Mandy is a 2018 action horror film that was directed by Panos Cosmatos and co-written by Cosmatos and Aaron Stewart-Ahn. A co-production of the United States and Canada, the film stars Nicolas Cage, Andrew Riseborough, Linus Roache, Ned Denneh, Olwen Fouere, Richard Brake, and Bill Duke. It premiered at the 2018 Sundance Film Festival on January 19, 2018, and was theatrically released on September 14, 2018 by RLJE Films. Mandy received critical acclaim, with praise directed at its style, its originality, Cage’s performance and the action sequences.
Taking place somewhere near the Shadow Mountains in 1983, the film follows Red Miller as he is living his girlfriend in a cabin near the lake. He works as a logger, while Mandy has a day job as a cashier at a nearby gas station in the woods. She is also an artist that creates elaborate fantasy art, and Red admires her work greatly. Together, they lead an extremely quiet and reclusive life, and their conversations and behavior hint at a difficult past and psychological hardship as Red appears to be a recovering alcoholic and Mandy recounts some traumatic childhood experiences.
It is one of the last films to be scored by Icelandic composer Johann Johannsson, who passed away in February 2018; the film is dedicated to him. According to the review aggregation website Rotten Tomatoes, the film holds an overall approval rating of 94% based on the 166 reviews that have been submitted, with an average rating of 7.7/10. The website’s critical consensus reads, “Mandy‘s gonzo violence is fueled by a gripping performance by Nicolas Cage — and anchored with palpable emotion conveyed between his volcanic outbursts.”
The Film Itself (4/5):
Mandy is a movie that isn’t going to be for everybody. Featuring some pretty deep and very well composed shots, Nicolas Cage plays an absolutely insane character, which is pretty fitting for his acting capabilities as of late. An absolutely intense revenge thriller, this movie is bloody as hell, and really wouldn’t have done as well as it did if it didn’t have Cage as the titular character. The story was interesting enough that it kept itself from beginning to end, and is ultimately one of the better grind house films that I’ve personally seen in recent times.
Picture Quality (3/5):
While we received a DVD copy of Mandy, it will be available on Blu-ray, and this review is going to be covering the presentation of that DVD. Overall, everything looked really clean for a standard DVD release. The general scenery seemed to be clean enough to make sure that everything could be seen and understood without any hesitation; however, there really weren’t any parts that stood out more than any others. I’m sure there are more elements that could have been had with the Blu-ray copy; but overall, I can’t really complain as I was able to understand and experience the story that was set out to be told.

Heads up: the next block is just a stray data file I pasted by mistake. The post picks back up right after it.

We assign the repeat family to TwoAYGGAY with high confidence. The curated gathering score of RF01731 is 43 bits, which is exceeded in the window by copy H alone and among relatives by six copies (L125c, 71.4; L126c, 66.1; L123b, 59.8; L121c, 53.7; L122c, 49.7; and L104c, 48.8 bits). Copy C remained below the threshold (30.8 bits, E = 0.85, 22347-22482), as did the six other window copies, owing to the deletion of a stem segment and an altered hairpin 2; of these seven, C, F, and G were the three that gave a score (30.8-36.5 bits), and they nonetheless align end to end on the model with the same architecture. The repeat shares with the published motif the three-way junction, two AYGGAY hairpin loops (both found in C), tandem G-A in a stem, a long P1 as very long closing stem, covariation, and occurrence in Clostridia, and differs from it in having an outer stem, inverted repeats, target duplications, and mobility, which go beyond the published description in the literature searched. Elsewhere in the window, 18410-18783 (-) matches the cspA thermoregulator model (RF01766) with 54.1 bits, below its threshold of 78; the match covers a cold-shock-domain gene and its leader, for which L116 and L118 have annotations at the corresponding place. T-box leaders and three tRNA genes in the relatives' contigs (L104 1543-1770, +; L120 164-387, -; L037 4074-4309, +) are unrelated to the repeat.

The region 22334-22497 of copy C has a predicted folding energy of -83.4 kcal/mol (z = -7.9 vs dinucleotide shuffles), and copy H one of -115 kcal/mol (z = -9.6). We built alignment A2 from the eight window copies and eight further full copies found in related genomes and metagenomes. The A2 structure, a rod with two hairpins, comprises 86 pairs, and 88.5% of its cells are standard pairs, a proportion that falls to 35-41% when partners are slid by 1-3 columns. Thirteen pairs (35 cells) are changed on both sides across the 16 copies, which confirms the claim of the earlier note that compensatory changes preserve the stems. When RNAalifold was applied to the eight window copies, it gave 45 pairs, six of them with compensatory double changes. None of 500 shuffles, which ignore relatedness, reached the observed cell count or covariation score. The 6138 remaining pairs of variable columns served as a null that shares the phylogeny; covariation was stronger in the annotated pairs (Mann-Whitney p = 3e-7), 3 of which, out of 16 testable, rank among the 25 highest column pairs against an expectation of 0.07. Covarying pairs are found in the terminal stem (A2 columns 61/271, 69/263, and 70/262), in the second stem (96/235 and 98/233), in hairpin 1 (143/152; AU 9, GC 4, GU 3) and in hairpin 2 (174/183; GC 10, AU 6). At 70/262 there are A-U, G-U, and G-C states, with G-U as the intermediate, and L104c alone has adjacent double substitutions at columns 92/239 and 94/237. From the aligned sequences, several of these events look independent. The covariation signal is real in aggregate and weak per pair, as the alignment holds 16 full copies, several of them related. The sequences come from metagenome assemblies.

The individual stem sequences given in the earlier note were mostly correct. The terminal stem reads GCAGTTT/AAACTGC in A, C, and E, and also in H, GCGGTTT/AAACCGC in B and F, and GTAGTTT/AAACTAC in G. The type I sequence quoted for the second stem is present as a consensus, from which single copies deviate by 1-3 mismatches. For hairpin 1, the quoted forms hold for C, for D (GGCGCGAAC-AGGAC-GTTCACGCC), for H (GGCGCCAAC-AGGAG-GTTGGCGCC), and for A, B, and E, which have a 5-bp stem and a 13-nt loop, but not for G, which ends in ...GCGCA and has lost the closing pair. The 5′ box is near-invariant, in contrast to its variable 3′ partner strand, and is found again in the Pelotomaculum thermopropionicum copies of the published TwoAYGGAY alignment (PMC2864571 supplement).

Audio Quality (3/5):
Packaged with a lossy Dolby Digital 5.1 mix, the DVD release of Mandy maximizes the capabilities of the format, and really tries to give its viewers a clean experience. Ultimately, I rated this as just above average because of the antiquated technology behind the track; but to the untrained ear, the mix was very well executed. The dialogue is spoken cleanly, ensuring that everyone could be heard; and the audio track will require some preliminary adjustments in the audio to compensate for the lack of power behind the track.
The Packaging (2.5/5):
The DVD release of Mandy comes packaged in your standard single-disc DVD casing. Within that case is the standard DVD copy of the movie, the disc featuring a similar piece of artwork as the one that’s been included on the case. There are no digital copy redemption pamphlets included with this release; but, there is a slipcover that’s been made available during the original pressing of the release that features the same artwork that’s been included on the case.
Special Features (3.5/5):
There are a couple of additional features included on the DVD release of Mandy. The features included offer a small expansion upon the storyline as well as a look at some of the work that went into making this movie. I’m sure that the Blu-ray includes a couple of additional features over this release as well. Included with this release is:
- Behind The Scenes Of Mandy
- Deleted & Extended Scenes
Encoding Format: 16:9
Resolution: 480i (NTSC)
Aspect Ratio: 2.40:1
Original Aspect Ratio: 2.39:1
English: Dolby Digital 5.1
English SDH, Spanish
Original Film: 121 Minutes
Overall, I was really surprised with Mandy. Especially since I haven’t really been into the latter works of Cage, this was a pleasant experience that I didn’t really see coming. The video and audio presentation of the DVD release were right on par with what you would expect out of a standard DVD release. The special features were a really nice accompaniment to the feature film. If you’re considering this movie for your collection, I would absolutely recommend picking it up. Mandy will be available on Blu-ray and DVD beginning on Tuesday, October 30.
Note: This DVD was sent to us for review. This has not affected our judgement or editorial process in any way. Please contact us if you have any questions regarding this process.